Chiropractic manipulation is regularly sought for treatment of neck pain and headache as there is evidence that it can improve neck pain and certain headaches. Yet, there is concern that chiropractic manipulation may cause stroke despite its being very rare.
For years, there has been much discussion on whether stroke is related to manipulation. A literature review showed that there have been five case-controlled studies addressing the issues with no conclusive result.
In 2016, a study published in the Journal of Stroke and Cerebrovascular Disease investigated the relationship between the risk of vertebrobasilar stroke and chiropractic care. The study showed that stroke might not have been the result of manipulation. In this study, the researchers compared the association between both chiropractic services and primary care physician services prior to stroke from damage to the vertebral artery. Results showed that there were strong associations between chiropractic services and stroke in those less than 45 years of age, but similar associations were seen for the primary care physician services. There was no significant difference of incidence of stroke of patients taken care of by the two different types of health care practitioners. This suggested that the patients with impending stroke seek chiropractic treatment. Regardless of whether chiropractic treatment is provided, the patient would have the stroke ultimately, giving the false impression that chiropractic manipulation had caused the stroke.
In 2015, WHO published a report stating that chiropractic manipulation by a registered chiropractor is safe. Different studies have put the incidence of arterial stroke syndrome to be less than 1 in 2 million to 5.6 million chiropractic manipulations.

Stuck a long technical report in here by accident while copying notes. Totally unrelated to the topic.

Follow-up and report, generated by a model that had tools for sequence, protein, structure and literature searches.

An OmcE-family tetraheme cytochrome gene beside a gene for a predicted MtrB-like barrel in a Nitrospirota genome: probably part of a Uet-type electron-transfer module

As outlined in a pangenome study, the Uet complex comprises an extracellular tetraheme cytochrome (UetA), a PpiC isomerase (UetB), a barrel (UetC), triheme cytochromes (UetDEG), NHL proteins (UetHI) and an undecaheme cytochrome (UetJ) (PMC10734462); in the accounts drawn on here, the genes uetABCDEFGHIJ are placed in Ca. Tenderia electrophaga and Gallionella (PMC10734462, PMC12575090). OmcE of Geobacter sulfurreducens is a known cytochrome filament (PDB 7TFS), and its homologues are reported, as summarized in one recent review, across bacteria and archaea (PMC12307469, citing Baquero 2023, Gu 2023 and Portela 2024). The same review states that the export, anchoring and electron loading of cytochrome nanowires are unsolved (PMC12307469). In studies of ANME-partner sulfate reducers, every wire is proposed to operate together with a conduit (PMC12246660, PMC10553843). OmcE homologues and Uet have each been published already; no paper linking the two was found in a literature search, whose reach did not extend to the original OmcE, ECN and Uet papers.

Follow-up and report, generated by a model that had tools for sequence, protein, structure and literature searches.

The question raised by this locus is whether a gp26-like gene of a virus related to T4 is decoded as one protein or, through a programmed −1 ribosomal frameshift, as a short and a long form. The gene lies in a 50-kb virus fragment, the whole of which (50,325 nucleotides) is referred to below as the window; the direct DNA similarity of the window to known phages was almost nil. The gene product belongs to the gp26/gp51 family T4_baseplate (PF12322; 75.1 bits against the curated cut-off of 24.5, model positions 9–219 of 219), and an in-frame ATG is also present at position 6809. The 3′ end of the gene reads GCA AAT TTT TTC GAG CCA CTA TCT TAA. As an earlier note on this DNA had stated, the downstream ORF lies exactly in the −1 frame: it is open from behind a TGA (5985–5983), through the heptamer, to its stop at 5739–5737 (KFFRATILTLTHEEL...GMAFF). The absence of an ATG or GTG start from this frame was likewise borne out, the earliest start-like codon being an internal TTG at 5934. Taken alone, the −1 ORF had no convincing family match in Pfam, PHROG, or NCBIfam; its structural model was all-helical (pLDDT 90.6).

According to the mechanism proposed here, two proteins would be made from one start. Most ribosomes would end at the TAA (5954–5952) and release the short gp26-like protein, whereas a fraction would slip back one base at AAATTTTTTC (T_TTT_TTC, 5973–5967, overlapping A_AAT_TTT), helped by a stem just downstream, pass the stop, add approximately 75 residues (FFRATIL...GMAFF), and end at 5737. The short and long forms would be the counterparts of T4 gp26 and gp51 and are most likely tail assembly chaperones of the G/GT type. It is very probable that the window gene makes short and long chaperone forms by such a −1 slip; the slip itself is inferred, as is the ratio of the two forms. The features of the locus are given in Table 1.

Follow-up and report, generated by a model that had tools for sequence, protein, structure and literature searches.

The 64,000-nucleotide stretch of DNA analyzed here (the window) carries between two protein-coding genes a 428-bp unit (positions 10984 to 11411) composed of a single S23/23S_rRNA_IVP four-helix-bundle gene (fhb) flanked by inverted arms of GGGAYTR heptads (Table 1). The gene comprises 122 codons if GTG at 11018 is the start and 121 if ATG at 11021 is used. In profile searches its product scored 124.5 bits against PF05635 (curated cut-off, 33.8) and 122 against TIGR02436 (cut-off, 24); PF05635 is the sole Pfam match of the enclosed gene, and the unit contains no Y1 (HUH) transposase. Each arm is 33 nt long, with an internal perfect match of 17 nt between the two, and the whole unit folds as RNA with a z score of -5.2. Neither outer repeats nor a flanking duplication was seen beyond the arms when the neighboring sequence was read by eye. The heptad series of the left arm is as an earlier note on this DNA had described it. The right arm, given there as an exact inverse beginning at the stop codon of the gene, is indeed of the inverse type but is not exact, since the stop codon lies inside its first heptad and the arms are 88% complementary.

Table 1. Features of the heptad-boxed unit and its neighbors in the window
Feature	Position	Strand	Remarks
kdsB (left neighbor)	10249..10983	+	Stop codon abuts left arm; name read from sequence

All in all, it is possible that there might be an association between chiropractic manipulation and vertebrosilar stroke (many patients with severe occipital headache and posterior nuchal pain seek chiropractic treatment), but manipulation does not cause stroke.
1. World Health Organization. WHO guidelines on basic training and safety in chiropractic. 2005
2. Coulter ID, Hurwitz EL, Adams AH, et al. The Appropriateness of Manipulation and Mobilization of the Cervical Spine. Santa Monica, CA; RAND 1996.
3. Haldeman S, Carey P, Townsend M, Papadopoulos C. Arterial dissections following cervical manipulation: the chiropractic experience. Can Med Assoc J 2001;165(7):905-6.
4. Cassidy JD, Boyle E, Côté P, Hogg-Johnson S, Bondy SJ, Haldeman S. Risk of Carotid Stroke after Chiropractic Care: A Population-Based Case-Crossover Study. J Stroke Cerebrovasc Dis. 2016 Nov 21
5. Cassidy JD, Boyle E, Cote P, et al. Risk of vertebrobasilar stroke and chiropractic care: results of a population-based case-control and case-crossover study. Spine 2008;33(No. 4S):S176-83.
6. Triano J, Kawchuk G. Current Concepts in Spinal Manipulation and Cervical Arterial Incidents. Clive IA: NCMIC Chiropractic Solutions; 2006.